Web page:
It is a vivid memory, recalling my very first visit to “the floor”. The cavernous space was gleaming with fluorescent light, no daylight, and the ceilings stretched up as high as my eyes could see. Most memorable, though, was the commotion from the clackety-clacking conveyor belts, racing frantically against time.

What a treat, on subsequent visits after touring “the floor,” to take the elevator up three floors and visit my father’s office. I’d run across the carpet and perch on the leather sofa in front of the floor-to-ceiling vertical blinds.

“Ready?” my father would ask.

“Now!” I’d shriek, and he’d comply, pulling the string to open the blinds and reveal a wall of windows overlooking “the floor”.

As far as the eye could see, and three stories down, I would see a Santa’s workshop of mail mania. But this view was soundless, unlike the ruckus on “the floor”.

The Post Office was really a social center. April 15th was a key date for the Post Office, with tax filers rushing into the lobby with their last-minute tax returns. The Postmaster at the time would make the lobby a party floor, with ice cream, bands and even the Philharmonic playing music to file by until midnight for the customers. This lasted up until last year, when the Internet cut back on the numbers of people filing paper returns.

So many big memories from Little Rhody and our Automated Post Office on Corliss Street! Remember that date, October 20, 1960? The day of the Grand Opening? With new crews, government dignitaries and civic leaders? It was also, by some grandly-unplanned but incredibly romantic ‘correspondence’, my parents 18th wedding anniversary.

And that, as they say, is a story that is “sealed with a kiss”! Do you have a special memory about the mail?

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You know the moment: when all of a sudden, you realize that your most cherished dream, your most treasured ideal is about to become a reality. It takes your breath away, doesn’t it?

That’s what happened to me when Gail Delaney from Desert Breeze Publishing told me she had accepted my inspirational romance novel, Destiny’s Designs, for publication.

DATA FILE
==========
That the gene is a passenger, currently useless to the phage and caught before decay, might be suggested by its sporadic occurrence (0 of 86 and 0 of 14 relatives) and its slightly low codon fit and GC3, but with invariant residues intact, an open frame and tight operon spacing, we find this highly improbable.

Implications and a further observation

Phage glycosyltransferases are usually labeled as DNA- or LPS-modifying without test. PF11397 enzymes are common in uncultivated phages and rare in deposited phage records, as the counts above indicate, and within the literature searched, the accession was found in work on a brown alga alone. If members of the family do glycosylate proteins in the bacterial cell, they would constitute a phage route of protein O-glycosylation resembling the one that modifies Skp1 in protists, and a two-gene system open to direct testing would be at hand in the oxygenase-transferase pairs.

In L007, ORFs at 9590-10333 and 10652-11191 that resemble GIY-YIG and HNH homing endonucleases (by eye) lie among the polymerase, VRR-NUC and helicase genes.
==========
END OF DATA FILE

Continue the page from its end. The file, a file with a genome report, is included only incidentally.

The first novel I wrote, Destiny’s Designs is a fast-paced, international romance about finding our path in life by listening to God’s message of love.

Set in Newport, RI, the hero and heroine are Neil Lamont, a sailor, and Lisa Machon, an interior designer. Each has had a hurt in their past that impedes them from loving in the present.

Lisa is working for Neil’s aristocratic mother, and while doing so she and Neil join forces to help out Neil’s sister, Bliss. Their efforts take them to France and Italy in a social whirl, but their hearts are at home with each other…once they learn to trust each other, and to trust God.

Actually, I was working for an interior designer when I began writing this book. Still living at home, I would read my newest pages to my parents nightly around the kitchen table.

You might say I had the most supportive writing group in the world, back in those heartwarming days. When those days ended I put Destiny’s Designs away in the drawer. Maybe if I kept it in, I could preserve those sweet times together around the table and they would never go away.

Of course, life is all about change and having the faith to move on. For some reason, I felt I could trust Gail with this book. So I took a leap of faith and let it go.

And I know my parents are smiling now, happy that Gail’s gentle touch propelled Destiny’s Designs into the light of day.

You could say this novel is about what it’s like to live the phrase, “Let go, let God.” What is your “Let go, let God” moment?